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Finally. The United States Environmental Protection Agency has today ruled that six greenhouse gases, including carbon dioxide, are harmful to the health of humans and will therefore be listed amongst the other pollutants that can be regulated by the Clean Air Act. According to the official report, greenhouse gases have, among other things, the following impacts:

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Montana could soon become the latest state to adopt California emissions rules if a recently-introduced bill becomes law. California still hasn't received the go-ahead from the EPA to even regulate carbon dioxide emissions but Montana Senate Bill 180 would make CO2 a regulated pollutant. If the EPA reverses a late-2007 ruling, automakers will have to achieve a fleet average of 44 mpg by the end of the next decade in order to meet the California standards. Montana Governor Brian Schweitzer suppor

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In spite of the fact that the US Environmental Protection Agency generates and publishes fuel economy ratings for US market cars and trucks, they aren't responsible for the regulations. The measurement of fuel economy ratings actually came about as a by-product of the emissions testing that the EPA has been responsible for since the original Clean Air Act. However, as various factions in Congress bicker over how much to increase fuel economy requirements and over what time frame, the EPA is fina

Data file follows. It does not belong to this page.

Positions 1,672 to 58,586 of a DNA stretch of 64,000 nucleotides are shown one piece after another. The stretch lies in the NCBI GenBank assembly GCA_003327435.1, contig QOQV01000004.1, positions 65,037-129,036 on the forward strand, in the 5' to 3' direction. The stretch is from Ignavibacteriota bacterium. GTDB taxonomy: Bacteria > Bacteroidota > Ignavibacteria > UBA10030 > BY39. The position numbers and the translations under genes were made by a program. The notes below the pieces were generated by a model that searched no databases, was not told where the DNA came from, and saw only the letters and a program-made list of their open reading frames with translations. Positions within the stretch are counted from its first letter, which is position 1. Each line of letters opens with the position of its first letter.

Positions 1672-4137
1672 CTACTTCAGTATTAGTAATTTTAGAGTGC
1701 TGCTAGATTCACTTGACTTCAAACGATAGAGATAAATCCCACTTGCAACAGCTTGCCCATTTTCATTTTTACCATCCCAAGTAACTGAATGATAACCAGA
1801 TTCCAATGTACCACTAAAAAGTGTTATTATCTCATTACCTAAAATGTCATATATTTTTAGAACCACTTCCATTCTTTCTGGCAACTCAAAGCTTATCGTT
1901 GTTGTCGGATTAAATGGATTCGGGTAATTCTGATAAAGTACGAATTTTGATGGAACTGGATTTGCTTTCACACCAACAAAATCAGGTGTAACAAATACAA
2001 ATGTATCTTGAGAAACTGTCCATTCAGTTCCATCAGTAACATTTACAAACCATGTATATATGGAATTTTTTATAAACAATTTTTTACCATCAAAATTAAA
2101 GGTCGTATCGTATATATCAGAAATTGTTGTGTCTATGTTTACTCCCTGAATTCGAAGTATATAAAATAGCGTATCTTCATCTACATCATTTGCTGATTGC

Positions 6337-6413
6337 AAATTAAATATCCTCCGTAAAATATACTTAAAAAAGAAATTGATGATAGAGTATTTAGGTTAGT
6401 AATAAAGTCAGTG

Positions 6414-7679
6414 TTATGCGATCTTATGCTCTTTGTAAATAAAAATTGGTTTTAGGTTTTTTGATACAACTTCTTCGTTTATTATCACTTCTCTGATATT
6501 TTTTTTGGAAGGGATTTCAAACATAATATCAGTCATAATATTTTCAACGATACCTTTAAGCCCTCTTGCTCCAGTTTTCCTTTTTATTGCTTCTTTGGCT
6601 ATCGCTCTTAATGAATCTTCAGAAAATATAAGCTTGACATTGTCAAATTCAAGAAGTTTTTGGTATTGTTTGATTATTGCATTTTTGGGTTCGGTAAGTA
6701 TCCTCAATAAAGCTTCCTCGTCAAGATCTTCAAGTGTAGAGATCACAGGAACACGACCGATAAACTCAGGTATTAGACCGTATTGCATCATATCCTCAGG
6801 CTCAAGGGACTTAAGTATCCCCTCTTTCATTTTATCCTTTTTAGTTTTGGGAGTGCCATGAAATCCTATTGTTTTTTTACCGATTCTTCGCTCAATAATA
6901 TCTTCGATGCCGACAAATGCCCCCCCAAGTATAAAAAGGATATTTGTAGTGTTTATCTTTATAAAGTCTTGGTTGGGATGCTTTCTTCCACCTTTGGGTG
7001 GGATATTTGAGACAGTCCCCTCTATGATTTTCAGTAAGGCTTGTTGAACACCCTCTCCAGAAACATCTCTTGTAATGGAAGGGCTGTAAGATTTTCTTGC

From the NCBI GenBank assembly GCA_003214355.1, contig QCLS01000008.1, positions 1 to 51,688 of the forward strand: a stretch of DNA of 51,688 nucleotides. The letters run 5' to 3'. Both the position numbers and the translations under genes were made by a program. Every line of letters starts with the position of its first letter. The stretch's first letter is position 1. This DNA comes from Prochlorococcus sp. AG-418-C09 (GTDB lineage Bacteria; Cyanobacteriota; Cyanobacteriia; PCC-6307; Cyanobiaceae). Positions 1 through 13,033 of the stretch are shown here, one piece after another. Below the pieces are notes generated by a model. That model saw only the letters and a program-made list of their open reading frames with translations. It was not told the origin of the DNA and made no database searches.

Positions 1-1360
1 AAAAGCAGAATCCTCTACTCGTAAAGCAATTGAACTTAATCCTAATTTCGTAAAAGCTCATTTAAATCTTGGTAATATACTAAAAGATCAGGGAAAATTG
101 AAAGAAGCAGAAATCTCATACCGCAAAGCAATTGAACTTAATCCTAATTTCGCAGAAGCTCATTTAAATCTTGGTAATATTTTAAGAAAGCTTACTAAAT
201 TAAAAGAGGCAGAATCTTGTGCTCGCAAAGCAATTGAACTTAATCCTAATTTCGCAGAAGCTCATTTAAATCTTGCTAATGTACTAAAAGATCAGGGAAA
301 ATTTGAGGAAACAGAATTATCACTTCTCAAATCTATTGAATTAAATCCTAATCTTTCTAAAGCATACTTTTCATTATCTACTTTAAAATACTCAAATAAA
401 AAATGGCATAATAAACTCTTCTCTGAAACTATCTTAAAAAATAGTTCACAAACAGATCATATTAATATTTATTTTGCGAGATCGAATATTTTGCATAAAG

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Congressman Rick Boucher of Virginia is trying to head off the EPA decision on granting a waiver to California so they can regulate greenhouse gases. At the same time as Congress is working on new fuel economy regulations, Boucher has drafted a bill that, if passed, would prevent any state from enforcing any greenhouse gas restrictions on vehicles. The legislation is intended to be part of a larger climate change control bill. Part of the new legislation would include having the EPA establish a

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Most executives in the auto industry speak with one voice when it comes to California's efforts to regulate greenhouse gas emissions from cars and trucks and it's not a positive tone. Carmakers don't like having a patchwork of regulations to meet because that can result in rules that are at cross purposes.

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In 2002 California passed legislation to require carmakers to reduce tailpipe emissions of greenhouse gases by thirty percent by 2016 and now three US Senators want to expand those rules to the rest of the country. California Senator Diane Feinstein, and Susan Collins and Olympia Snowe of Maine are co-sponsoring a senate bill that would require all new cars to meet the California emissions by 2016. It would also require fuels to use more low-carbon alternatives like biodiesel, ethanol, hydrogen

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